A stop at D.C.’s African American museum

Students have returned from their social justice trip to Washington D.C., but we have more stories to share! Catch up with other participants’ stories about Franklin Delano Roosevelt and the Holocaust Museum, the Lincoln Memorial, and the U.S. Supreme Court and Ford’s Theatre.

First up, Nathaly Diaz, a pre-engineering student …

I decided to go on this trip to D.C. because my advisor said it would be an awesome opportunity and a way to gain leadership skills. I was really excited to learn more about social justice and be able to apply it in my life and find ways I can help.

That’s me flashing the peace sign.

We went to places like the National Museum of African American History & Culture and looked at monuments around the National Mall. The African American museum had so much history in it, like the struggles of slavery and civil rights. It was very emotional and inspirational. We were also able to see African American culture–life, music, art, etc.

This quote at the museum, in particular, moved me.

… and Lorena Ceballos Chavez, a business administration student.

I signed up to come to D.C. with Ivy Tech Northeast because I’ve always wanted to know more about American history. Every monument and museum in D.C. has a particular meaning and an amazing story. As a business student, I need to have a general cultural knowledge about so much, especially U.S. culture.

Click on the images for caption info and to zoom.

I was amazed to see how the bad actions against race repeat themselves throughout the history of many countries. This photo (above right) from the Holocaust Museum depicts concentration camp life and reminds me of what German Nazis did to the Jews.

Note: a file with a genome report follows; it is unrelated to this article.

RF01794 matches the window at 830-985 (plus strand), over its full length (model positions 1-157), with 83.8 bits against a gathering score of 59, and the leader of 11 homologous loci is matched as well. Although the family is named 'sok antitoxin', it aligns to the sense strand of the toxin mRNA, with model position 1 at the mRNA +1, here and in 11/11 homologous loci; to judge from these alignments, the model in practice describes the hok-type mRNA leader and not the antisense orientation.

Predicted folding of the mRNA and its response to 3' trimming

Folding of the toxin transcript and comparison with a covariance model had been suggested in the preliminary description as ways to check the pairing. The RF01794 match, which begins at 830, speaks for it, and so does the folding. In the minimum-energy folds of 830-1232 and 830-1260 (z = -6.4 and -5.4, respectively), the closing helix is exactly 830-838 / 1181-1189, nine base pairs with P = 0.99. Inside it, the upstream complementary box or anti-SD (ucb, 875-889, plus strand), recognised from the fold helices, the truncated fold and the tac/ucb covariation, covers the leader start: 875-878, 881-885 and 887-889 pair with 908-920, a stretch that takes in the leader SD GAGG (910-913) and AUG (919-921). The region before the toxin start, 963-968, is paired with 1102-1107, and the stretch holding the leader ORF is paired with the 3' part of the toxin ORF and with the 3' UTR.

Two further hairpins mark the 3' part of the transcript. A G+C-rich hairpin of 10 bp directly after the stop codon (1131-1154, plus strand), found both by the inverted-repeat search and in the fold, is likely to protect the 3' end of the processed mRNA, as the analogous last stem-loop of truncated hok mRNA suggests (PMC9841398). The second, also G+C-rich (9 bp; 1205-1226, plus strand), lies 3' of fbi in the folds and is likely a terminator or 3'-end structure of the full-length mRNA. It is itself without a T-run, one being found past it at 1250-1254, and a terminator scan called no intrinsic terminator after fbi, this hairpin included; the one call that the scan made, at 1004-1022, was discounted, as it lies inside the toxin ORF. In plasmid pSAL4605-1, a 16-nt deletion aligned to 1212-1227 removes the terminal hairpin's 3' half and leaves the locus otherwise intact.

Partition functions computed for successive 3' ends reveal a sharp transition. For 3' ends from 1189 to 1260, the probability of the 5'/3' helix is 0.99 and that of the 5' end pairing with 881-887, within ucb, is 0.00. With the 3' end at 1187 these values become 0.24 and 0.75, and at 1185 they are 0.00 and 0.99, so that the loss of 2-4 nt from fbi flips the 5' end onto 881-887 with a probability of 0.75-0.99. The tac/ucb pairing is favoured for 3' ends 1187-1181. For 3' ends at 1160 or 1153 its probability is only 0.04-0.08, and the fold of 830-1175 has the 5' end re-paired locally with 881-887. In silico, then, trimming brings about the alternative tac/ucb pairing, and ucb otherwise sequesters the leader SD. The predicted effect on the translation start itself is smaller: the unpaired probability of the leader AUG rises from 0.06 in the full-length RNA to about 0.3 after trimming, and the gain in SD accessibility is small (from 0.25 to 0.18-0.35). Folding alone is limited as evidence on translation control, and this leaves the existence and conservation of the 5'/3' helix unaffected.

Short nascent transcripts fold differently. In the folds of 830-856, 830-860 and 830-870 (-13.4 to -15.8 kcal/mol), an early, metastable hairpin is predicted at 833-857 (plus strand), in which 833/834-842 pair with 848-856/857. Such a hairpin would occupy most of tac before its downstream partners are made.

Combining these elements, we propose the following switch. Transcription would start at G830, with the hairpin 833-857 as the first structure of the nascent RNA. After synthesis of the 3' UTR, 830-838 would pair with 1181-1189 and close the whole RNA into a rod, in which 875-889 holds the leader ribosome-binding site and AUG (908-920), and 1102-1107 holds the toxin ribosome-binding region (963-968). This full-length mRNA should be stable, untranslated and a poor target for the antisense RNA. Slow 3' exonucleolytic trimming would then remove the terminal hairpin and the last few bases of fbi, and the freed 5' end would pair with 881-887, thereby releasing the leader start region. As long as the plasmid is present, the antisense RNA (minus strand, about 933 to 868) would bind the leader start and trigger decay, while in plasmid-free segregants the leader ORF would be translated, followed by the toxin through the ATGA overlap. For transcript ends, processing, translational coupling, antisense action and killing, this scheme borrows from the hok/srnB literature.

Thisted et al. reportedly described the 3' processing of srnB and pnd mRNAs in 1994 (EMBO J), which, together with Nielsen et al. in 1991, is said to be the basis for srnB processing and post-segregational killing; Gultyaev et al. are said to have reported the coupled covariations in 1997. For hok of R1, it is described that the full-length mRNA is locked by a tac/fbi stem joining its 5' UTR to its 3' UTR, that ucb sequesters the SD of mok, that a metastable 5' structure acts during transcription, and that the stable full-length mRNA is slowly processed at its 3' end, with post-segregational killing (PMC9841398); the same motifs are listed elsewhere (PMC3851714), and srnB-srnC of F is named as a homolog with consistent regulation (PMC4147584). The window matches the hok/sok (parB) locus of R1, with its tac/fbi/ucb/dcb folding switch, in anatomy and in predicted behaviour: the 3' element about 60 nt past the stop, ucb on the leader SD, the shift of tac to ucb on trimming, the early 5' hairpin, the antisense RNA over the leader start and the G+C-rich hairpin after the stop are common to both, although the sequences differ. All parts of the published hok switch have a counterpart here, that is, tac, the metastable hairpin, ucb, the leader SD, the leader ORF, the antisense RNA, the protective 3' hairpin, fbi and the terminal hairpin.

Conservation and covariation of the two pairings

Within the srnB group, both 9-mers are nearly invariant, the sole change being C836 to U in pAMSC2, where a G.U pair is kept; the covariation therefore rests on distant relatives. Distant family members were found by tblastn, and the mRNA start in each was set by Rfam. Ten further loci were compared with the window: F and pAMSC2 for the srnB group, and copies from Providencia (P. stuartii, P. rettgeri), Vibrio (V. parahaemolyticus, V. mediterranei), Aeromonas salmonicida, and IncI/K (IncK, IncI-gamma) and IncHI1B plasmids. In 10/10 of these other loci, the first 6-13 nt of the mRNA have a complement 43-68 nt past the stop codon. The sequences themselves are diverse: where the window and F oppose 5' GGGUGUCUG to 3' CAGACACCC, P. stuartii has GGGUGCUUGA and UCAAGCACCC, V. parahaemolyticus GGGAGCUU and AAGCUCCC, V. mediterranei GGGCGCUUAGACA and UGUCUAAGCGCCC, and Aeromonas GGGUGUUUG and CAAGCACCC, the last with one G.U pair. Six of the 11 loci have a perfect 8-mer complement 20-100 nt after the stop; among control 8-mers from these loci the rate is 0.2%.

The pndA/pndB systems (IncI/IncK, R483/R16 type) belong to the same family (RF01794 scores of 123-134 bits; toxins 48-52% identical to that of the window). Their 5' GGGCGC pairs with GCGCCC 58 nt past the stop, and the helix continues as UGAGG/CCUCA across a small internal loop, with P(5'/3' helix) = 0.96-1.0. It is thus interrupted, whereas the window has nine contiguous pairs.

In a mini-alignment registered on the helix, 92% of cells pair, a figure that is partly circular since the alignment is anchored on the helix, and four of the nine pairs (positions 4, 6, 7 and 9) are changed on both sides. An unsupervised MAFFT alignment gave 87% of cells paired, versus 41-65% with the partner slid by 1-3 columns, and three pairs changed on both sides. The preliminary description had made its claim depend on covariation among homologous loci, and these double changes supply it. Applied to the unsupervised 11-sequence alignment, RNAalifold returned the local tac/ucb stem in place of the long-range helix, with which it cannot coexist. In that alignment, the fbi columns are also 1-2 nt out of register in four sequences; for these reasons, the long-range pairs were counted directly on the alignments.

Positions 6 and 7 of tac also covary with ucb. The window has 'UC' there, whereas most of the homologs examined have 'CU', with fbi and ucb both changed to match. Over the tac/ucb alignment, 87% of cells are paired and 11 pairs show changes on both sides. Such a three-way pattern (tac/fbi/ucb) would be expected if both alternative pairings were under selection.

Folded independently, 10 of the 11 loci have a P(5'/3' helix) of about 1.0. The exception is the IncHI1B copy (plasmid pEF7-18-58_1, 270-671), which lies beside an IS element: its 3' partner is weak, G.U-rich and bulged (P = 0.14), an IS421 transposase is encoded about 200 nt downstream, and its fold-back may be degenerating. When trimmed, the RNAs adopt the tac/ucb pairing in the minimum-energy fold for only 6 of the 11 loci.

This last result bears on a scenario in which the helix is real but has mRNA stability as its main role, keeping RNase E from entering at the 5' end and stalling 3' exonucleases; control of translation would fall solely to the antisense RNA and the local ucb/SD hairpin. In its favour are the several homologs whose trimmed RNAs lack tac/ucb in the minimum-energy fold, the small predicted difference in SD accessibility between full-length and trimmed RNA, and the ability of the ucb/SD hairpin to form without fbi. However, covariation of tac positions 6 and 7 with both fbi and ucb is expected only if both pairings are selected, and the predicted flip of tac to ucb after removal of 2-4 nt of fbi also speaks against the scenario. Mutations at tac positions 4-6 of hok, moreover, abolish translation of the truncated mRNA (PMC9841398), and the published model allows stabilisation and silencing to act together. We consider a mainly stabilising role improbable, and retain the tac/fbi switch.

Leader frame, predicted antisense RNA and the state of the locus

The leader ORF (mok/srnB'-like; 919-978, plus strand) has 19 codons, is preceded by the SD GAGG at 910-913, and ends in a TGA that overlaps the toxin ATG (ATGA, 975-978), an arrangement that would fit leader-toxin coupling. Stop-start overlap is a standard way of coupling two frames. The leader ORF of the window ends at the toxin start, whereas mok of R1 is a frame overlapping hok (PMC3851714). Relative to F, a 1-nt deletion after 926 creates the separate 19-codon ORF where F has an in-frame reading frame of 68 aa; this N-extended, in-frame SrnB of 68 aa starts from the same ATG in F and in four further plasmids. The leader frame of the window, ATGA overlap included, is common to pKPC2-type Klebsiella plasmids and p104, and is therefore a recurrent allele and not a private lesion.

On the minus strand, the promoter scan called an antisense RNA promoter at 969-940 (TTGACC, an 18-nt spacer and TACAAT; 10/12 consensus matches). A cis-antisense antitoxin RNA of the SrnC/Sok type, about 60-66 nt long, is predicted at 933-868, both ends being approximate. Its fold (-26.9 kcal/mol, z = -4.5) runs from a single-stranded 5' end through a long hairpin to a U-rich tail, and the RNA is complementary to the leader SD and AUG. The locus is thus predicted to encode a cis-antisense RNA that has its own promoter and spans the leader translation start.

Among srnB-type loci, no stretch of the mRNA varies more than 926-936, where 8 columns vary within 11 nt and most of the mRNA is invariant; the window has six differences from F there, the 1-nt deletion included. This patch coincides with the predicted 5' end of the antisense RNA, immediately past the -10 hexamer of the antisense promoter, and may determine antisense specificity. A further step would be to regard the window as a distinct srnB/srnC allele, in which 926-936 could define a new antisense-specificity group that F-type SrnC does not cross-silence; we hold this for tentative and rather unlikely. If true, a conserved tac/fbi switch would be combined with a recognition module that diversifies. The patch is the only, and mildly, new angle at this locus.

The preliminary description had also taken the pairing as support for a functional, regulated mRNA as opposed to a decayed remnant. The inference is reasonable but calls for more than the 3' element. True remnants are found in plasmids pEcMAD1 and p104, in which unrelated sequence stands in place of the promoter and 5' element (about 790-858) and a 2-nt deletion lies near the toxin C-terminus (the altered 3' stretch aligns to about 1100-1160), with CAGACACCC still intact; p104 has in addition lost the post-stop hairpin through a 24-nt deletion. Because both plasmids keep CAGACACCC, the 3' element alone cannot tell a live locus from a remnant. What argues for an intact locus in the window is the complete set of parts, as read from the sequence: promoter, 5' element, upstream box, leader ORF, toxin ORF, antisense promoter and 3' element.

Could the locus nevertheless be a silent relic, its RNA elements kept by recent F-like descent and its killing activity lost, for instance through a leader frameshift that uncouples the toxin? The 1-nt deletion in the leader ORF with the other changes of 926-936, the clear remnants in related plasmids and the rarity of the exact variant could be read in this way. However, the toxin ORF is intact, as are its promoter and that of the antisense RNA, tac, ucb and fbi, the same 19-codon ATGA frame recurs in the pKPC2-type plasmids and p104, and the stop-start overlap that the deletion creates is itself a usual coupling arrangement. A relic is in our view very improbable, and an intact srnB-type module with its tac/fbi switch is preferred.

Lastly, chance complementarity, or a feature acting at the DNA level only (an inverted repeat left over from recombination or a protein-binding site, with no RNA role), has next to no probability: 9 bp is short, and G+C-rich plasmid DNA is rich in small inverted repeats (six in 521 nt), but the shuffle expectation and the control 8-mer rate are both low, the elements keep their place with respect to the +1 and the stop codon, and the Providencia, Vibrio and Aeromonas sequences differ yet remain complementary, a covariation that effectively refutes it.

College announces new vice chancellor

Kim Barnett-Johnson is the new vice chancellor for Academic Affairs at Ivy Tech Community College Northeast. She has filled the role in an interim position for a year and served as the College’s University Transfer Division dean previously, since 2003.

 

Barnett-Johnson

In her new role, Barnett-Johnson will oversee the academic side of the College. Her duties include working with faculty to plan, organize, and administer academic programs and services; coordinating and supervising the preparation of the regional class schedule and assigning faculty to classes; and collaborating with Student Affairs in areas such as enrollment management and student retention.

 

In the short-term, Barnett-Johnson plans to highlight Ivy Tech Northeast’s outstanding faculty “so our community will see that we have what it takes to help them reach their goals,” she says. In the long-term, she would like to continue to focus on Ivy Tech Northeast’s ability to offer programs that meet our region’s specific needs.

 

“Because we offer both technical and transfer opportunities, it allows us to create greater opportunities for collaboration with regional industry partners,” Barnett Johnson says. “We are seeing more students complete degrees while working full-time.”